The Associated Press, October 12, 2004
NORTH CANTON, Ohio - Mounting legal costs over its electronic voting equipment have forced automated teller machine maker Diebold Inc. to slash its third-quarter earnings forecast.
Diebold said in a news release Monday that its legal woes in California would reduce profit by 5 cents a share.
Executives expect the company to earn about 67 cents a share, down from its earlier forecast of 70 cents to 74 cents. The company said it also expects lower fourth-quarter and full-year earnings.
In September, California Attorney General Bill Lockyer joined a lawsuit alleging that Diebold sold the state shoddy hardware and software, exposing elections to hackers and software bugs. The case was originally filed late last year by a computer programmer and a voting rights advocate, who claimed that California elections officials spent at least $19 million on equipment that had critical hardware and software problems.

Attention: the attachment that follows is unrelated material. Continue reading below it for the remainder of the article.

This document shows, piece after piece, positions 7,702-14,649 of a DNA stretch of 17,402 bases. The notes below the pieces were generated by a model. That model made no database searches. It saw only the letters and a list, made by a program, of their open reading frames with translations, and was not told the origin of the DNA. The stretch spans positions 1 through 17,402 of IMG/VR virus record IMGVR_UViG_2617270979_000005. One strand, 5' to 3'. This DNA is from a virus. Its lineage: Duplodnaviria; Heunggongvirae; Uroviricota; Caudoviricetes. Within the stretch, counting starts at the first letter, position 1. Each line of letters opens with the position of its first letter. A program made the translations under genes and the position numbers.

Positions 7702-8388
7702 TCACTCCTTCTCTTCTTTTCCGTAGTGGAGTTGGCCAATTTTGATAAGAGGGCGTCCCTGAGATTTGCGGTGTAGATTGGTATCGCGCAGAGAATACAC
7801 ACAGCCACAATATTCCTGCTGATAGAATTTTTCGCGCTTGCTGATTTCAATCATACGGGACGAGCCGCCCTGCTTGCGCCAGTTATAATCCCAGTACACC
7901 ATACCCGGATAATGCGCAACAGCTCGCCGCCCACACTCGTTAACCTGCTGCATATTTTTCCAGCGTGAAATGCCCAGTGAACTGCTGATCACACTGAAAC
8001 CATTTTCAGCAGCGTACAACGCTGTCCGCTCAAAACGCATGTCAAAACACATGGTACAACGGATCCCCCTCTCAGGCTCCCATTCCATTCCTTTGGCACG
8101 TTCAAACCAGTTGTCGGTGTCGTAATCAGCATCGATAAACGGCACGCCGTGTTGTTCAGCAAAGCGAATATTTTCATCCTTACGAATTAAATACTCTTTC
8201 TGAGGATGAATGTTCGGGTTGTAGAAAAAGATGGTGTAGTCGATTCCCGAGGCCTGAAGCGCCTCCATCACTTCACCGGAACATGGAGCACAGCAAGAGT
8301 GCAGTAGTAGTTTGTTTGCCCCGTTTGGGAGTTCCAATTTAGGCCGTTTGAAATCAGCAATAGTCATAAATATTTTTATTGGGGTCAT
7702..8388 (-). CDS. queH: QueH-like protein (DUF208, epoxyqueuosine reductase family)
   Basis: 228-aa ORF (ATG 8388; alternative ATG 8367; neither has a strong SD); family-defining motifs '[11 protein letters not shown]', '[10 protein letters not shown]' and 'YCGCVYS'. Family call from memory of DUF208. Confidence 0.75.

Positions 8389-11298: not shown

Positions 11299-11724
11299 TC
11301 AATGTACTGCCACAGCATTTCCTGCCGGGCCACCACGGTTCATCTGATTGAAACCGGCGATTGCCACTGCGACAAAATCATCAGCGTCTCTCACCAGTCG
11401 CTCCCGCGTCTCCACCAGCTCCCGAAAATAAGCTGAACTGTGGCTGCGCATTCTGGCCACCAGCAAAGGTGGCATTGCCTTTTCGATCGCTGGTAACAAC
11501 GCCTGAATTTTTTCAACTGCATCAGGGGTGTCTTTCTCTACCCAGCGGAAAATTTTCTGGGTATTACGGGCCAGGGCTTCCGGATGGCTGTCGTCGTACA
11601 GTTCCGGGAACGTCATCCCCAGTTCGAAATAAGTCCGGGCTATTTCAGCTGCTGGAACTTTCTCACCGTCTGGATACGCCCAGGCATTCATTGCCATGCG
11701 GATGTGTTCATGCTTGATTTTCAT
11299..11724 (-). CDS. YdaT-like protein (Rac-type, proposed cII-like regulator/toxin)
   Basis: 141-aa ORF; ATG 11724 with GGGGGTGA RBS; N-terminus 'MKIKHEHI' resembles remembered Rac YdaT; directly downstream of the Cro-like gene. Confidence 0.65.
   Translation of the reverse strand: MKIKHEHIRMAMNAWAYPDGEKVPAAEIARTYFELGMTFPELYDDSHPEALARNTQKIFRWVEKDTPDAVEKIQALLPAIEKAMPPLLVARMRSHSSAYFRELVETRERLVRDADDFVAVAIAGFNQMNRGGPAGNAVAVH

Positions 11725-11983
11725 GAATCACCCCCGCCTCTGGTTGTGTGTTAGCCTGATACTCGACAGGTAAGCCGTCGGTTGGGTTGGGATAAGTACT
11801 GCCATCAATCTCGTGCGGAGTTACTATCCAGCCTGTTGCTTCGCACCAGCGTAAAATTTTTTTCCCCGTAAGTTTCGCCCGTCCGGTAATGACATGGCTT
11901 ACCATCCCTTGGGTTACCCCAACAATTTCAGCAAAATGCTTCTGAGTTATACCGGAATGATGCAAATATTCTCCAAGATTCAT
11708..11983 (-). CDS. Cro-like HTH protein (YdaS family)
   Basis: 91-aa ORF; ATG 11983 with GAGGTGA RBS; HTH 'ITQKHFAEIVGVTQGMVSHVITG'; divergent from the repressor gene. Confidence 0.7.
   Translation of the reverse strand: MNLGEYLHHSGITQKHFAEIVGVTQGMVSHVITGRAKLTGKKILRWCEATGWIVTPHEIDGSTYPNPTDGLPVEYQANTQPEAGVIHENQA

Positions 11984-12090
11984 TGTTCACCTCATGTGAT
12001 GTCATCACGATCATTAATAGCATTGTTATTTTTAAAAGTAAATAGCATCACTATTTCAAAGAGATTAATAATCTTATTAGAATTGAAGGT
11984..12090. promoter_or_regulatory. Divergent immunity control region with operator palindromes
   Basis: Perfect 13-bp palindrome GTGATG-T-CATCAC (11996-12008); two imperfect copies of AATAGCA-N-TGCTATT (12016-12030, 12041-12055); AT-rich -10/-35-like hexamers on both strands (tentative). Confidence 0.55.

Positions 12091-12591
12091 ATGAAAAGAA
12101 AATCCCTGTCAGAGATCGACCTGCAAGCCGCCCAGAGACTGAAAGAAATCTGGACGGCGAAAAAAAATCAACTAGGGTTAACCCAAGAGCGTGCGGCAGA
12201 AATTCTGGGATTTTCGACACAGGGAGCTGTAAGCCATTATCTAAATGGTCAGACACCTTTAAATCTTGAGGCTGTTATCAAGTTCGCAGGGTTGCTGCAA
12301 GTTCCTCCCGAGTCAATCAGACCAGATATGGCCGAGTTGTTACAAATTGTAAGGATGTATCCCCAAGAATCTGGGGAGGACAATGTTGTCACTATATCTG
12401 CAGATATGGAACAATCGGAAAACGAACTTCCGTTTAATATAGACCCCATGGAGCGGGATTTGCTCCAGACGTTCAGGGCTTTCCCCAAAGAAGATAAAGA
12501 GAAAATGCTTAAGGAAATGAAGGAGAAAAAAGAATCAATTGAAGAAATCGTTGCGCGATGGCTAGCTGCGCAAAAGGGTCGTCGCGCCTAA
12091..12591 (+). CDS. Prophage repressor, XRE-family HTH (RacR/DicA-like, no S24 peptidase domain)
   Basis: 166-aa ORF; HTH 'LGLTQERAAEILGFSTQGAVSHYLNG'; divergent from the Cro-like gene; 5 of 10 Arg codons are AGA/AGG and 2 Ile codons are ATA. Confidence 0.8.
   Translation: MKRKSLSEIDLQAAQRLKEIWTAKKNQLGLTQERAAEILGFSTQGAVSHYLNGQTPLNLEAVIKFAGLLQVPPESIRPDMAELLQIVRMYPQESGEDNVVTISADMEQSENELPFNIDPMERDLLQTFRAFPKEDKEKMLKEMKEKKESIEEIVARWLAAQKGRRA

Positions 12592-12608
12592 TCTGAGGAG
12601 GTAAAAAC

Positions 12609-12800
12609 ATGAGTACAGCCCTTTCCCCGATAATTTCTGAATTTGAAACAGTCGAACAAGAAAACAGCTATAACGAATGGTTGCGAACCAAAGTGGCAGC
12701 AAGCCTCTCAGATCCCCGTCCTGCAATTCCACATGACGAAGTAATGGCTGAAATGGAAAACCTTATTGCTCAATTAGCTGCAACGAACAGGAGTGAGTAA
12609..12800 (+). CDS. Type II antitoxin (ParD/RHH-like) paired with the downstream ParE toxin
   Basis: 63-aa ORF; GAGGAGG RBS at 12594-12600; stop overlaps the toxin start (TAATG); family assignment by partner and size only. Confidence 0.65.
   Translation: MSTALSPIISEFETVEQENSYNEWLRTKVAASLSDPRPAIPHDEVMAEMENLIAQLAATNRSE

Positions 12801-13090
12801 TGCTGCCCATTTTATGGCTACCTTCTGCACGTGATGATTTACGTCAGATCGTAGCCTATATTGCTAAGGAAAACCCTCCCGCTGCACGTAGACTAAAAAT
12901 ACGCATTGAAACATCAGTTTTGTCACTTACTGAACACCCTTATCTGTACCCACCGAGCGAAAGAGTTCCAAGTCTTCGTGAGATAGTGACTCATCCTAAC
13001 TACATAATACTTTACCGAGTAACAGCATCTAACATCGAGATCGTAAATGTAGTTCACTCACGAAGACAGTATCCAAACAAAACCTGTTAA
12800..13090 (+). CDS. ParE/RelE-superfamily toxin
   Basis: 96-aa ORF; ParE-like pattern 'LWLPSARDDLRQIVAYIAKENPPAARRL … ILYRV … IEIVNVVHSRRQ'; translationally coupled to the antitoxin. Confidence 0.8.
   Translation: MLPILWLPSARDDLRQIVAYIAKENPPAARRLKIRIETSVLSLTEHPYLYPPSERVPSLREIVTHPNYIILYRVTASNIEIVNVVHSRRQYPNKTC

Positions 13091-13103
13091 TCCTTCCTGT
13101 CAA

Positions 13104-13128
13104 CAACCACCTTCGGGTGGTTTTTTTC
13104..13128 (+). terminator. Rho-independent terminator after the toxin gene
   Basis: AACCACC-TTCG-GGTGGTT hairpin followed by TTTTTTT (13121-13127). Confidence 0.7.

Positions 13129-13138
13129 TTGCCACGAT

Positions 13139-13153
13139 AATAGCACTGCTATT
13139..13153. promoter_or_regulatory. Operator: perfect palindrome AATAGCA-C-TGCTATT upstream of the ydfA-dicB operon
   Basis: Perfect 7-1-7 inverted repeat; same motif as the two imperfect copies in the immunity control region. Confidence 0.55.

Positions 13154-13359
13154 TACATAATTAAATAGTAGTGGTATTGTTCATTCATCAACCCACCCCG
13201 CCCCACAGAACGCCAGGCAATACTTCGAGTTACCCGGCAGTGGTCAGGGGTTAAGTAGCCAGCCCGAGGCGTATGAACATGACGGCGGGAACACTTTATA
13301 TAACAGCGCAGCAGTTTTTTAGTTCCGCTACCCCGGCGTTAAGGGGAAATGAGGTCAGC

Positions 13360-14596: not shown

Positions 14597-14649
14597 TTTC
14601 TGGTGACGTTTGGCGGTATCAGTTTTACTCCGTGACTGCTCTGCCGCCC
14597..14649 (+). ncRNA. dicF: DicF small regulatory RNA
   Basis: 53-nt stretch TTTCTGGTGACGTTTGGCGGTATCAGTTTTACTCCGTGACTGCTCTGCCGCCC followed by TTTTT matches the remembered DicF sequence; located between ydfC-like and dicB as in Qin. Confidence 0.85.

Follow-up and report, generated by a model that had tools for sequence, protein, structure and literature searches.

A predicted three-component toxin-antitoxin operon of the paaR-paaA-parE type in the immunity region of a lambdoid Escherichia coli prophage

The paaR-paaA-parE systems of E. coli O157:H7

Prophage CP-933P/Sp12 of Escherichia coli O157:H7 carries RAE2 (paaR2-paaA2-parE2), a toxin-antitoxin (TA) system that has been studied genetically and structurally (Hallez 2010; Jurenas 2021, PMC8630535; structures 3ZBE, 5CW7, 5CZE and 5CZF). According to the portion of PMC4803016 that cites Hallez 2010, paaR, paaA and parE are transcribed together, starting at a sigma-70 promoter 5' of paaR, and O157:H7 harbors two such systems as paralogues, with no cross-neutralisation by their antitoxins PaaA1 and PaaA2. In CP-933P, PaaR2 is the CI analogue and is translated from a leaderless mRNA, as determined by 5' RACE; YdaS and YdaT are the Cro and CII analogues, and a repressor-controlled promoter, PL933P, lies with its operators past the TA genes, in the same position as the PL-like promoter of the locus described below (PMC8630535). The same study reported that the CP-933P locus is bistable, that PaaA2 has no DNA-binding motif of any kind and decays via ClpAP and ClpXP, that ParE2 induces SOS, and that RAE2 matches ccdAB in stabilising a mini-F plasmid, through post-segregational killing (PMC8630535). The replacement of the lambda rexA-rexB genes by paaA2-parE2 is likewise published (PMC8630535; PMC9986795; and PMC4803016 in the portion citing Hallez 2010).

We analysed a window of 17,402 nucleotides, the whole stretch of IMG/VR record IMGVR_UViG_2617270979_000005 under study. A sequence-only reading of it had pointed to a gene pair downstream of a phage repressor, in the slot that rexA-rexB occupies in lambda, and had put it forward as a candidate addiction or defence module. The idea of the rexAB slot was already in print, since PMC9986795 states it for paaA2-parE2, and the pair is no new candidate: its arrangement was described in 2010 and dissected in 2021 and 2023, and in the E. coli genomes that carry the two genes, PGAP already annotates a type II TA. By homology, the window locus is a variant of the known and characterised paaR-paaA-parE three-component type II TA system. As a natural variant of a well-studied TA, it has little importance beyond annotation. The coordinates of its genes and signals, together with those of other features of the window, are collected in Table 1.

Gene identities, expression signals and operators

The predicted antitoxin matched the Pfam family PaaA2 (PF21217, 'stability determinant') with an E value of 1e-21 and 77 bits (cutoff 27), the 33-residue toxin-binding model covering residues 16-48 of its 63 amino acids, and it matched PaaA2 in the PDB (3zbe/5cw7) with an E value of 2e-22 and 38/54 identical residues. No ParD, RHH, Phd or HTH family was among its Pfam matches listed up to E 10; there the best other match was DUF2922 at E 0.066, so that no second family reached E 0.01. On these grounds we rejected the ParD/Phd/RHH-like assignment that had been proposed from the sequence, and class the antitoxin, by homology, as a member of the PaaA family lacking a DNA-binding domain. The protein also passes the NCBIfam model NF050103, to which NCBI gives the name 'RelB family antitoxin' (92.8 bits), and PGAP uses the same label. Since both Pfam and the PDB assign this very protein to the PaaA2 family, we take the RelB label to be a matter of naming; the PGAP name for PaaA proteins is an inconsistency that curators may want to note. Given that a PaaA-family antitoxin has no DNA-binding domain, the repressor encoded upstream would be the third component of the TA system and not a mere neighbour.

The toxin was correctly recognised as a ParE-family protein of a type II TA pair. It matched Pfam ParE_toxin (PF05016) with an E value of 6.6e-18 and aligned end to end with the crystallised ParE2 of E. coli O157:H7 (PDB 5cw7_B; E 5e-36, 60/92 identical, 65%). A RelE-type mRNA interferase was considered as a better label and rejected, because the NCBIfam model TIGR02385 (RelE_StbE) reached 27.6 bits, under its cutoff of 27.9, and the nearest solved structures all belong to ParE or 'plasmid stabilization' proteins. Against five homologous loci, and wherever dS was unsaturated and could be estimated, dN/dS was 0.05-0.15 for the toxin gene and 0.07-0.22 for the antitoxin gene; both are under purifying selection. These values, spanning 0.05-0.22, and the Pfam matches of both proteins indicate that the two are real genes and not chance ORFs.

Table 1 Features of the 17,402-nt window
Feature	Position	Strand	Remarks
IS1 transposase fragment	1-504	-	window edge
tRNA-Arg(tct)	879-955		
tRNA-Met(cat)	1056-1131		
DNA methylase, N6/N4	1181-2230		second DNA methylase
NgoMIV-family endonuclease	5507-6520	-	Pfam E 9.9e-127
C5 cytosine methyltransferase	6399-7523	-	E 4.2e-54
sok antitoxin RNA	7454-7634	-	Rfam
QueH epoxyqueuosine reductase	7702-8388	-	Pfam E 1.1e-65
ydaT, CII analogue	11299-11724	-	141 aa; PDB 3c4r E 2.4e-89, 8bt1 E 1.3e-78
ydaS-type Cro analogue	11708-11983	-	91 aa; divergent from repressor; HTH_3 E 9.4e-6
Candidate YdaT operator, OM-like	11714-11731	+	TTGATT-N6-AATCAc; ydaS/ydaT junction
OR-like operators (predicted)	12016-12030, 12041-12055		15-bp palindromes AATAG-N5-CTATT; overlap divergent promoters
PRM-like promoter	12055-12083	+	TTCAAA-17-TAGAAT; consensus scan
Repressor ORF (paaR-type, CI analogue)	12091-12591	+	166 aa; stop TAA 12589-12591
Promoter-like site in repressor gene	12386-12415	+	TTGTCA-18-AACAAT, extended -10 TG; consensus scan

California's Alameda County also joined the false claims case, which could require Diebold to pay triple damages. Faulty equipment in the March primary forced at least 6,000 of 316,000 voters in the county east of San Francisco to use backup paper ballots instead of the paperless voting terminals.
Earlier this month, a federal judge in San Jose, Calif., ruled that Diebold knowingly misrepresented its claims when it sent threatening letters to Internet providers who posted the company's internal documents online.
The ruling by U.S. District Judge Jeremy Fogel was a symbolic defeat for Diebold and a major victory for electronic voting critics and free speech advocates, who sued Diebold for more than $5 million in damages and attorneys' fees. Fogel will determine the amount of damages to be awarded at a later time.